CORRECTED-CANADA FX DEBT-Canadian dollar gives back most of weekly rally as stocks slide

 (Removes incorrect trading range for the currency)
    * Canadian dollar falls 1% against the greenback
    * For the week, the loonie gains 0.1%
    * Price of U.S. oil rises 0.2%
    * Canadian bond yields dip across a flatter curve

    By Fergal Smith
    TORONTO, May 1 (Reuters) - The Canadian dollar weakened
against its U.S. counterpart on Friday as stock markets fell and
investors assessed the incoming Bank of Canada governor's stance
on negative interest rates, with the loonie giving back almost
all of this week's rally.
    At 11:46 a.m. (1546 GMT), the Canadian dollar          was
trading 1% lower at 1.4082 to the greenback, or 71.01 U.S.
cents. The currency, which traded in a range of 1.3936 to
1.4103, was on track to rise 0.1% for the week.     
    Canada named Tiff Macklem, a former senior deputy at the
Bank of Canada, as its next central bank governor. He brings
familiarity to the job as well as an interest in the transition
to a green economy.             
    "There has been buzz about his comments about negative
rates. I think that was a coincidence though," said Greg
Anderson, global head of foreign exchange strategy at BMO
Capital Markets in New York.
    "I think that there were flows going through the market
place that would have caused that move (lower in CAD) if there
had not been a press conference," Anderson said.
    The Bank of Canada has slashed interest rates by 150 basis
points since March to 0.25%, the level it sees as the current
    Macklem told reporters that the central bank has "the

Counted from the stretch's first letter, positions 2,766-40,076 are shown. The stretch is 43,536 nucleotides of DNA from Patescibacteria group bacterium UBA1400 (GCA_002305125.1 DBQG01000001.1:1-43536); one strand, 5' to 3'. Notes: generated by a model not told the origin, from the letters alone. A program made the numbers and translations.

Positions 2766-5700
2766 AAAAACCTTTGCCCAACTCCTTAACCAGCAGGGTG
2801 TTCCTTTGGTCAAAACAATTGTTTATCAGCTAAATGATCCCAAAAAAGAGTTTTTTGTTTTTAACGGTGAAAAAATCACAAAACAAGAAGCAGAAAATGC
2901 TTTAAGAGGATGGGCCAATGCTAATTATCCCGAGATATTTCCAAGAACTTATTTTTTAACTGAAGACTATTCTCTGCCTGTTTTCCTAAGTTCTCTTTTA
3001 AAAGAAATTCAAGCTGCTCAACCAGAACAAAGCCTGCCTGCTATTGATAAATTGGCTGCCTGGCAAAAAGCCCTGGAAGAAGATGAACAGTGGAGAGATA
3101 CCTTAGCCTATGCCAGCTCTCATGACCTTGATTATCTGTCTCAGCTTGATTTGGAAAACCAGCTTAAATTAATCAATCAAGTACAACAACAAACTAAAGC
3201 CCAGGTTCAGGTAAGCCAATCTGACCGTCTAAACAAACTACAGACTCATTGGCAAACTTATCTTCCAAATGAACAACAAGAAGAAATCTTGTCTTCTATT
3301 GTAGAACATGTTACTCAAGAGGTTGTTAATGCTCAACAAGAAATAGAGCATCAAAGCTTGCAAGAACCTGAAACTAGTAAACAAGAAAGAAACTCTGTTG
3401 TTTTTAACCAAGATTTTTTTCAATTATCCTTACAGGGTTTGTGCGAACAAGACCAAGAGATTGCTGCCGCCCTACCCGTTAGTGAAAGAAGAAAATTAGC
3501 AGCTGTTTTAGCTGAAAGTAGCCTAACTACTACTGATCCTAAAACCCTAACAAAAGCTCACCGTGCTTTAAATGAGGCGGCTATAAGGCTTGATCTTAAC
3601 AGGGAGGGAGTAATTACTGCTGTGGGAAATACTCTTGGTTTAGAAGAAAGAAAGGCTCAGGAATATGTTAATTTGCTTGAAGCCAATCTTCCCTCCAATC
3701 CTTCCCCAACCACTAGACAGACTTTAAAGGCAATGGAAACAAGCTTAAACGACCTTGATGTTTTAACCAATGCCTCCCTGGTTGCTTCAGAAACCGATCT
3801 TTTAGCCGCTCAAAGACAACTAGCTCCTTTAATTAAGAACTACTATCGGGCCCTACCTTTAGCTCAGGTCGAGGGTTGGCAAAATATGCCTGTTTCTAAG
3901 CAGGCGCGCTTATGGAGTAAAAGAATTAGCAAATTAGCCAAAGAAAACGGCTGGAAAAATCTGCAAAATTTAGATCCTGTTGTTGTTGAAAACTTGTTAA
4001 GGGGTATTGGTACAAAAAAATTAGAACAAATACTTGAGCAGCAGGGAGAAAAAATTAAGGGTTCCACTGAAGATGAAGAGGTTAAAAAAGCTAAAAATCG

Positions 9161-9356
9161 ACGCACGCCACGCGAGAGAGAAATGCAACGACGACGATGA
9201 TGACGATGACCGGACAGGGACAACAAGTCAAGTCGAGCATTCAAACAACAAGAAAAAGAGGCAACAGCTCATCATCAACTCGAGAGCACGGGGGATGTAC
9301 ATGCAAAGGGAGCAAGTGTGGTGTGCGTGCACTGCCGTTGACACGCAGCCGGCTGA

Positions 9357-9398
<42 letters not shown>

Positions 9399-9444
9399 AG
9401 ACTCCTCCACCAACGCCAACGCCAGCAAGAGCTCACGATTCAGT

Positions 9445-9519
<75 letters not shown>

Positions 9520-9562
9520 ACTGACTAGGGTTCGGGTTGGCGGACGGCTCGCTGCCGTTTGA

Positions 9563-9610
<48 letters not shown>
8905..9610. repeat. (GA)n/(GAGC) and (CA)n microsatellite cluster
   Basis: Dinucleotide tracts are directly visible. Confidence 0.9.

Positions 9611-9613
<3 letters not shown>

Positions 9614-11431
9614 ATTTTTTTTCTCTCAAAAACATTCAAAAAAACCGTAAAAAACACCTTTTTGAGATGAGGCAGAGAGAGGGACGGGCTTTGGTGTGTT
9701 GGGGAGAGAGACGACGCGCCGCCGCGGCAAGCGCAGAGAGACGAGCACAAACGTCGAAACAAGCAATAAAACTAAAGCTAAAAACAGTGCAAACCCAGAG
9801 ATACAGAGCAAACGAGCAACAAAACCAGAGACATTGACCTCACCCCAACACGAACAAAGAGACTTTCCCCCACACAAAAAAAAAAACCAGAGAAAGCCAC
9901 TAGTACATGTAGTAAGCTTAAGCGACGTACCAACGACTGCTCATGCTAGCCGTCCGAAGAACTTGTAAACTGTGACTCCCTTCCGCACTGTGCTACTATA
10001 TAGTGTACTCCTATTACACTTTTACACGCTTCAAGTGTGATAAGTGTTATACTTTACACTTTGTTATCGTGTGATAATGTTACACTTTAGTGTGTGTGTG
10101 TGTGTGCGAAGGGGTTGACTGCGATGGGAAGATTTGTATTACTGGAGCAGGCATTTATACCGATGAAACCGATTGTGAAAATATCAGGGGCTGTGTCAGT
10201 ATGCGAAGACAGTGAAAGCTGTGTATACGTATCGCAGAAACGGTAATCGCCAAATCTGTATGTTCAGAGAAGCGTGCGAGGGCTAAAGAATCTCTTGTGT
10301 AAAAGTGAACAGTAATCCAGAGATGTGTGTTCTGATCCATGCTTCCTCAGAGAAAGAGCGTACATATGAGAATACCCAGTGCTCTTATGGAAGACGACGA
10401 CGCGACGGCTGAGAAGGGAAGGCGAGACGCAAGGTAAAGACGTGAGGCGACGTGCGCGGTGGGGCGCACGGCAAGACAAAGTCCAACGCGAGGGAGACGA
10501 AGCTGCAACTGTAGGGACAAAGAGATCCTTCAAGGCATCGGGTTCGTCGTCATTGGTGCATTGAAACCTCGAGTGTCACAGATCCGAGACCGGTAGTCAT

possibility of using negative interest rates" in its framework
of unconventional monetary tools but in the current situation he
is "quite comfortable with the effective lower bound where it
    World stocks          pulled back further after U.S.
President Donald Trump's threat to impose new tariffs on China
over the coronavirus crisis.             
    Canada runs a current account deficit and is a major
exporter of commodities, including oil, so the domestic economy
tends to be dependent on the global flow of trade and capital.
    Other commodity-linked currencies, such as the Australian
dollar       , the New Zealand dollar        and the Norwegian
crown        also lost ground.
    U.S. crude oil futures        were up 0.2% at $18.87 a
barrel as OPEC and its allies began a record output cut to
tackle a supply glut weighing on the market due to the
coronavirus crisis.                  
    Canadian bond yields edged lower across a flatter yield
curve, with the 10-year down 1.5 basis points at 0.533%.

 (Reporting by Fergal Smith
Editing by Chizu Nomiyama and Jonathan Oatis)